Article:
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A bad year whitetail: even when circumstances conspire against you, something good can still happen.


I HEARD BRUSH BUSTING and turned my head to the right. To my delight, a "shooter" buck was coming --but on the wrong trail. The strong wind whistled around me as I grabbed my grunt tube and quickly let out a grunt. No reaction. As the buck walked behind my perch high up in a cottonwood tree, I jumped to my feet and turned 180 degrees to my left. I'd cut a shooting lane to cover the trail at 23 yards, but I'd never taken a shot in the awkward position required to deliver an arrow down the tight gap. There was no time to do anything but grip my ACS longbow and jerk back its 56 pounds. The buck slammed on its brakes when it hit the fringe of my scent stream that wavered toward him in the morning breeze. Too late--my arrow was on its way.


My scouting for whitetails never really stops. The minute deer season is over, I start making notes about what I observed and changes to be made the following fall. In late January and February, it's impossible to avoid following deer trails from feeding zones to bedding areas to refine my knowledge of deer travel patterns. It's also a great time to observe scrapes and rubs from the previous rut. Shed hunting intertwines with my scouting trips. A heavy-beamed shed is a treasure, and it raises my hopes that the buck that dropped it will still be around in the fall. Turkey hunting occurs virtually everywhere there are whitetails. Sitting in a blind, waiting for a gobbler, is a great time to observe deer-movement patterns to and from feeding areas.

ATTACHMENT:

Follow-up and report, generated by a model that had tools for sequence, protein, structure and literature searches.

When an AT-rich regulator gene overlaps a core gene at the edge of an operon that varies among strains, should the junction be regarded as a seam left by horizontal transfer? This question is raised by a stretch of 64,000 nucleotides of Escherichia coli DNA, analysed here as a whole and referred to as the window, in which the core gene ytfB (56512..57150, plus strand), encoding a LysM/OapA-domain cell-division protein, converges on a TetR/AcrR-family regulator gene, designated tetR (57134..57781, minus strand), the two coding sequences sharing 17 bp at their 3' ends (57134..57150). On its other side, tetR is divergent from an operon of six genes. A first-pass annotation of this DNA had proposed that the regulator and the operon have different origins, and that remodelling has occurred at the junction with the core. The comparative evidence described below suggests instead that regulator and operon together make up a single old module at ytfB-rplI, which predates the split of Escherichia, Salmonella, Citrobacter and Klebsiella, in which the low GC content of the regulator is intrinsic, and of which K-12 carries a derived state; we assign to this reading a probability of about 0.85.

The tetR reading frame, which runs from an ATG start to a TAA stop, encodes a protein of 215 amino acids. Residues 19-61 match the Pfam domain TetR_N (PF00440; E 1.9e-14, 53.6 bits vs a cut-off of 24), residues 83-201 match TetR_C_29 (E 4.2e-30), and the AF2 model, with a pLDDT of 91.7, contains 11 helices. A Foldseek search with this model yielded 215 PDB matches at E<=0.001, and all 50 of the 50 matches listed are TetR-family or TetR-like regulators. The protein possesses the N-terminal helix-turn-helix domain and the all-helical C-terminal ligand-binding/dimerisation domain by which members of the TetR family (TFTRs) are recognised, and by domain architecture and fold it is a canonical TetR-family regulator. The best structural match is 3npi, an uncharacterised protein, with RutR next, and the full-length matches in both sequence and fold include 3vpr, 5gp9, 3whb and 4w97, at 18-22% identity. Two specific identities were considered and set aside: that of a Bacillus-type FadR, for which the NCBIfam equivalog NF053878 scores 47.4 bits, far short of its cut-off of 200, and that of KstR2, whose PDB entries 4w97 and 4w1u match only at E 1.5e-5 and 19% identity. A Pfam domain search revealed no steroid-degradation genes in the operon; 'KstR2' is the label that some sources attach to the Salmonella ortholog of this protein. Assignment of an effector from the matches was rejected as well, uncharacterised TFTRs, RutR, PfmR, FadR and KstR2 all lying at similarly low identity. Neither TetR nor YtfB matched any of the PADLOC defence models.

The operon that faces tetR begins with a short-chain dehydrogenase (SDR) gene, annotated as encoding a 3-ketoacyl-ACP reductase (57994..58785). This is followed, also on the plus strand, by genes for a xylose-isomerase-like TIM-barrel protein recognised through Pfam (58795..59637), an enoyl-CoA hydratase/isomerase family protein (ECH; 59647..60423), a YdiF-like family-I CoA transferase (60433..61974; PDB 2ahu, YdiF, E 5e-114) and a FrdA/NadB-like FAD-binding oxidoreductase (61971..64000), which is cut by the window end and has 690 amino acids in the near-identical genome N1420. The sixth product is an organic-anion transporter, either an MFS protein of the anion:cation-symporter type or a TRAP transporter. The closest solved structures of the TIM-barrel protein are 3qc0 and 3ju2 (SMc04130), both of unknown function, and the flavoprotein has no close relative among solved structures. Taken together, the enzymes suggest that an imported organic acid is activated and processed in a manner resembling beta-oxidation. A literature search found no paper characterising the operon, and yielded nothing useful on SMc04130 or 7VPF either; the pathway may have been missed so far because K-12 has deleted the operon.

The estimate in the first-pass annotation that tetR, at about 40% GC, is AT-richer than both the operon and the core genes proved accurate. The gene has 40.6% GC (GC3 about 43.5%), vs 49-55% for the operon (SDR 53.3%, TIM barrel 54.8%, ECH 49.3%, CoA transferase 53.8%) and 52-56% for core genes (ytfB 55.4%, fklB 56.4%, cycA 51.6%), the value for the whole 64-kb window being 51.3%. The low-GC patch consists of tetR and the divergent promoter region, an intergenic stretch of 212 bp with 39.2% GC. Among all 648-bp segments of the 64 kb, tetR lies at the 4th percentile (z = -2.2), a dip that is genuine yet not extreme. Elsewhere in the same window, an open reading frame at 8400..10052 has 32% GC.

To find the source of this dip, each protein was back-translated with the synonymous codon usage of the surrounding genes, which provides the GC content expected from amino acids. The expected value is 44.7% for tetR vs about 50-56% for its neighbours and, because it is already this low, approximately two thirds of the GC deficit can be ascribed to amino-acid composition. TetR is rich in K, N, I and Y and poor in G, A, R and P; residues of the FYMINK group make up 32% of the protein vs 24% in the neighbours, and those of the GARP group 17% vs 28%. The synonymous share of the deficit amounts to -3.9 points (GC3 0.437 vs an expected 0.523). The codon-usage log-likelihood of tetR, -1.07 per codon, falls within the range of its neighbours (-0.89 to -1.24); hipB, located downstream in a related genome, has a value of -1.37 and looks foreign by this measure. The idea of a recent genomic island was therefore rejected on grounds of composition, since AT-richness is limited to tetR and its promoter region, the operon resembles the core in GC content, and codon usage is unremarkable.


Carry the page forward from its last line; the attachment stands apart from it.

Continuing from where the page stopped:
By midsummer, corn and beans become a premium food source. A little time behind binoculars and a spotting scope are usually rewarded by sightings of bucks in their early stages of antler development. Trail cameras placed in high-volume travel zones and near water sources create some added excitement on scouting trips. Deer hunters who are also landowners, or who lease ground, start getting serious about food plots in July and August. The sweet smell of freshly turned moist soil while sitting in a tractor seat is a true country boy high. The physical effort required to plant and grow a few small food plots is not insignificant, and neither is the expense. However, the results of lush, tender shoots of oats, radishes, and turnips are your reward when Mother Nature cooperates.

For many bowhunters, by early September there are enough pictures, tracks, and sightings of mature bucks to raise confidence levels to new highs for the much-anticipated fall season.

Some years the pieces fall into place --sightings of a few special bucks, worn trails in all the right places, and heavy rains develop the crops and food plots to perfection. Next, the observation of several bucks in October from a new treestand location really gets the blood pumping. The hope for the ultimate reward of a dream buck on the wall and a freezer full of choice meat appears to be in the cards.

But what about those years when the joy of the process gets thrown a few curveballs? A job change, family activities, health issues, employment demands, or even conflicting hunts disrupt the whole process. For several years in the Western states there have been some nasty droughts and crop failures, not to mention diseases such as CWD, bluetongue, and EHD.

Serious bowhunters think, plan, and work 12 months a year in an attempt to influence and control as many variables as possible in the whitetail game. It's beyond devastating to have a disease like EHD attack a deer herd, with the mature bucks being the primary victims. It has the makings of a horror movie for deer hunters. Our fathers never had to deal with mites killing deer. It wasn't that long ago that my biggest concerns in the rut were stand placement, scent control, and wind direction. None of those issues matter if there aren't any 5 1/2 to 7 1/2-year-old bucks to hunt.